Ocean Park Conservation Foundation, Hong Kong

The Ocean Park Conservation Foundation, Hong Kong, have been supporting our work financially for several years now. Two projects have been completed, and a third one has just started.

2008-2009: Monitoring the movement towards the recovery of the Philippine crocodile Crocodylus mindorensis in the wild
This was a telemetry study. We captured 7 individual crocodiles in the course of 2008 and 2009, and attached a transmitter so we could follow them around. The results were very interesting. Some crocodiles use large home-ranges, stretching over several kilometres of river, while other crocodiles keep to a small home-range of only several hundred meters in a small creek. Juveniles live in the river for a large part of the year, however return to small ponds, which they apparently remember from years ago, to shelter when heavy rains cause the rivers to rise. These and other results can be found in the final report, which can be downloaded here

2010-2011: Communities, Students and Conservationists; Protecting crocodiles together
Continuing the important work of the previous OPCFHK grant, this project focussed on a new breeding site that was discovered in the last year; Dicamay River in the village of Tappa. Again hatchlings were found here and those were raised in our head-start program. This time there were 7 live hatchlings instead of only 3 in the first year. Part of the river was declared as a crocodile sanctuary and this area was completely mapped. To compensate people who can no longer use the river for bathing and washing clothes, several pump wells were installed in the village. These and other results can be found in the final report, which can be downloaded here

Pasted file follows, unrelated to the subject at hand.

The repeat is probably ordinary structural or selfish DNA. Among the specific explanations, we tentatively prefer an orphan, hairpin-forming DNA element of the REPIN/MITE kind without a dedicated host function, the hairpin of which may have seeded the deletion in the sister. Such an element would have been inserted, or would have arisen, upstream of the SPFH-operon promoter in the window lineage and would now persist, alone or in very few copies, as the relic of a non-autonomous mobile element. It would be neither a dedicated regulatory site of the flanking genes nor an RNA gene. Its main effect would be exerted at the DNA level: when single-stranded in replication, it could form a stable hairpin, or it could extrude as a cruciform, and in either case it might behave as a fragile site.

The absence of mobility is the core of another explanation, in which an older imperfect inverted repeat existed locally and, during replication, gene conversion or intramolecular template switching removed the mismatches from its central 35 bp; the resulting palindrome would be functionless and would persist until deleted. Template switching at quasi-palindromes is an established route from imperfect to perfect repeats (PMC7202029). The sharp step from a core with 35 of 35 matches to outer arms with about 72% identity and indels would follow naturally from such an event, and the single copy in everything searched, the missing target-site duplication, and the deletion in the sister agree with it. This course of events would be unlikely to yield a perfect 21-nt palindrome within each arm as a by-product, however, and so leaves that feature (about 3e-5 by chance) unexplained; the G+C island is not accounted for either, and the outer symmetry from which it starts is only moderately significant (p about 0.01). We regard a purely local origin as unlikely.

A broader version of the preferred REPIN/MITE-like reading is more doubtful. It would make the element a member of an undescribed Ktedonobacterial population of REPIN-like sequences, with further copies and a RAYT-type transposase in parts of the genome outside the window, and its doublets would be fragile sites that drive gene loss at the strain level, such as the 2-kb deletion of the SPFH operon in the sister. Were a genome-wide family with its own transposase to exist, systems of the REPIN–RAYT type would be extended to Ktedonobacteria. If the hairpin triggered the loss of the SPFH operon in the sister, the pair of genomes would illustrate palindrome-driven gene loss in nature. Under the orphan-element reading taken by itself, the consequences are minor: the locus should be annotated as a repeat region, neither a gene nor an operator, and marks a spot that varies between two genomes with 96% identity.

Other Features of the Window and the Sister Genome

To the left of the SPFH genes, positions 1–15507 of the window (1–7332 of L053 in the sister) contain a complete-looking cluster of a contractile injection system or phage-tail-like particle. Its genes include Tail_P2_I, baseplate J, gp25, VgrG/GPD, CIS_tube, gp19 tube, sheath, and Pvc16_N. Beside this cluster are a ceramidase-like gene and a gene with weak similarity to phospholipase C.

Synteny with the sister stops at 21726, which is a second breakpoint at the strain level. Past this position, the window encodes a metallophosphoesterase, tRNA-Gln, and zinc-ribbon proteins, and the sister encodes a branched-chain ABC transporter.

2011-2012: How to reintroduce a crocodile? Assessing the effectiveness of different release strategies for the Philippine crocodile

The hatchlings from Tappa born in 2009 had been released back into the wild in January 2011. The site we chose to release the head-started juveniles was Gapgap lake, inside the Sierra Madre Natural Park and upstream of Dunoy Lake, right next to Catalangan River. However they didn’t stay there. Within days they had all left the lake and went into the fast flowing river, with the result that only about half of them could be found several months later. We thought Gapgap Lake would be very suitable, since it looks similar to Dunoy Lake or Narra Lake, which were previous release sites. This project will focus on the suitability of release sites and the factors influencing them. 

 Newly established crocodile sanctuary in Dicamay River, Tappa

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Using radio-telemetry to locate crocodiles in Dinang Creek



A head-started juvenile just after release in Gapgap Lake